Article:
It’s important to note that In the Woods was Tana French’s first novel. Not only was it warmly received, but it spurred another four murder mysteries that also did well on the market. I’m encouraged by this, especially since the word count of In the Woods surpasses the average for first time novelists.
Overall, the narrative is beautifully written. French’s ability to capture the emotion of the moment and convey it to the reader is on point and at length. Told in first person by Detective Rob Ryan, you feel as if you’ve sat down for an interview with him, a secret conversation where he tells you things he can’t tell other people. It’s intimate that way, but it’s also deeply disturbing.
Two crimes occur in Knocknaree, Ireland, one in 1984 (the disappearance of two children) and one in present time (the murder of a twelve-year-old girl). At first the crimes don’t seem related, aside from both occurring in the wood near town.
Yet there is a big connection and his name is Detective Ryan, but his memory is shifty and his nightmares are vivid, so it’s only a matter of time before his secrets implode.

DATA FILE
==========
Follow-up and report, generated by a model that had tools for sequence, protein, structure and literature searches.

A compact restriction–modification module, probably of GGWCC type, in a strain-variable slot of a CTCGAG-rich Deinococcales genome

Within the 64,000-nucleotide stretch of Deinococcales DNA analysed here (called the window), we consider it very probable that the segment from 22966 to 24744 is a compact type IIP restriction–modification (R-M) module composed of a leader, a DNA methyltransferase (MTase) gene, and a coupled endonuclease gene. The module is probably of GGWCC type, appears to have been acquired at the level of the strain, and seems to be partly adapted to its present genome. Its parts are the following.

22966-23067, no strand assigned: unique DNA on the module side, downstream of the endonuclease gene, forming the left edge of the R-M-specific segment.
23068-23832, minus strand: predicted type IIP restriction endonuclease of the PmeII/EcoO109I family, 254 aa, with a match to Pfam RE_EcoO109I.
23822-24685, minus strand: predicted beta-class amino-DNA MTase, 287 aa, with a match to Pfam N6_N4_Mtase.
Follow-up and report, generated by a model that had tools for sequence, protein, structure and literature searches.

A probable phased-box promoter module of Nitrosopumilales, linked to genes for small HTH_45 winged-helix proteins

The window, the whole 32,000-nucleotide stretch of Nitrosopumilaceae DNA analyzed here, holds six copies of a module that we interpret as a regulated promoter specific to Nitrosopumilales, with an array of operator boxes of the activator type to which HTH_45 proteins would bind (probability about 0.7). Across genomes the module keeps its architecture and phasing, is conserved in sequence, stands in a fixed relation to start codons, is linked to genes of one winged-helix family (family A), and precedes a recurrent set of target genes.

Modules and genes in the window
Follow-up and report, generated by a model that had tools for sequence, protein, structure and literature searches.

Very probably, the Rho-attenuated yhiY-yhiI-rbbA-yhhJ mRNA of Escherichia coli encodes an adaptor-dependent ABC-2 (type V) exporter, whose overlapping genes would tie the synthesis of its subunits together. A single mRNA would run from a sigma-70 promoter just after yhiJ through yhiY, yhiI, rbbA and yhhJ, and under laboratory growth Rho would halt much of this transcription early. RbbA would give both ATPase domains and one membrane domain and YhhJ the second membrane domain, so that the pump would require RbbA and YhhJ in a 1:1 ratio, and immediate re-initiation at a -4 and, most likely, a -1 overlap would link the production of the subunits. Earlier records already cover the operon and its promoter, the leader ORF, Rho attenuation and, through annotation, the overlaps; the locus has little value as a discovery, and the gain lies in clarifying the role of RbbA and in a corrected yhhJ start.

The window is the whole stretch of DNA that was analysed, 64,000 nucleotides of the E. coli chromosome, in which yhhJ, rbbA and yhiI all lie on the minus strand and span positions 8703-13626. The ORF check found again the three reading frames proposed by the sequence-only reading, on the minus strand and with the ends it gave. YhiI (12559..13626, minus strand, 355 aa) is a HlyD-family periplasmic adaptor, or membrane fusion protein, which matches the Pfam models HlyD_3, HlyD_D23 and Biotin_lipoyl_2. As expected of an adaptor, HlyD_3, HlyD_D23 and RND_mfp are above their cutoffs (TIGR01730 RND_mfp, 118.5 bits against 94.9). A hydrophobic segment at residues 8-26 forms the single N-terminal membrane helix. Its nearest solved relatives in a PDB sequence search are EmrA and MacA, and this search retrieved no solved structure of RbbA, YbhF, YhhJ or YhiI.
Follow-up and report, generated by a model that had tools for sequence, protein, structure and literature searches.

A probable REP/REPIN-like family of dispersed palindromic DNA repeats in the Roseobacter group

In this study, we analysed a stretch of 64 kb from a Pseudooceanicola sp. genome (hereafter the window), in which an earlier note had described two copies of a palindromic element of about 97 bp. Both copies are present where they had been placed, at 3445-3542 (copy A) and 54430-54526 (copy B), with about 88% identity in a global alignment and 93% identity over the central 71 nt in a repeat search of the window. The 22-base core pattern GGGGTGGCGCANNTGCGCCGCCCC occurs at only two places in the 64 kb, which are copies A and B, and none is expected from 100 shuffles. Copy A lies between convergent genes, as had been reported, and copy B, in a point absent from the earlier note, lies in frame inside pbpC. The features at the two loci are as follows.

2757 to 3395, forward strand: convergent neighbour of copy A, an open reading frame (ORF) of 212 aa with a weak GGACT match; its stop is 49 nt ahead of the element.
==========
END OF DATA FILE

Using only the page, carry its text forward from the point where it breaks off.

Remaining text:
There are only two negatives about this book. One, some of the narrative was too long. It’s important for us to be in Detective Ryan’s head, sorting through his memories and processing evidence, but sometimes his inner sermons were really long. Sometimes he conveyed important information pertinent to the crimes, but most of the time it was an emotional outpouring that eventually became unnecessary. We knew the guy was suffering. We didn’t need to continue beating that horse.
Second, I had a pretty good hunch who was involved in the murder early on. I’m not sure if that’s because the character was too archetypal or if I knew it on my own senses. Still, I read most of the second half waiting to see how the character was going to be revealed, which I supposed was a mystery inside the mystery.
Other than those two things, the book was thrill.
Next up: The Execution of Noa P. Singleton.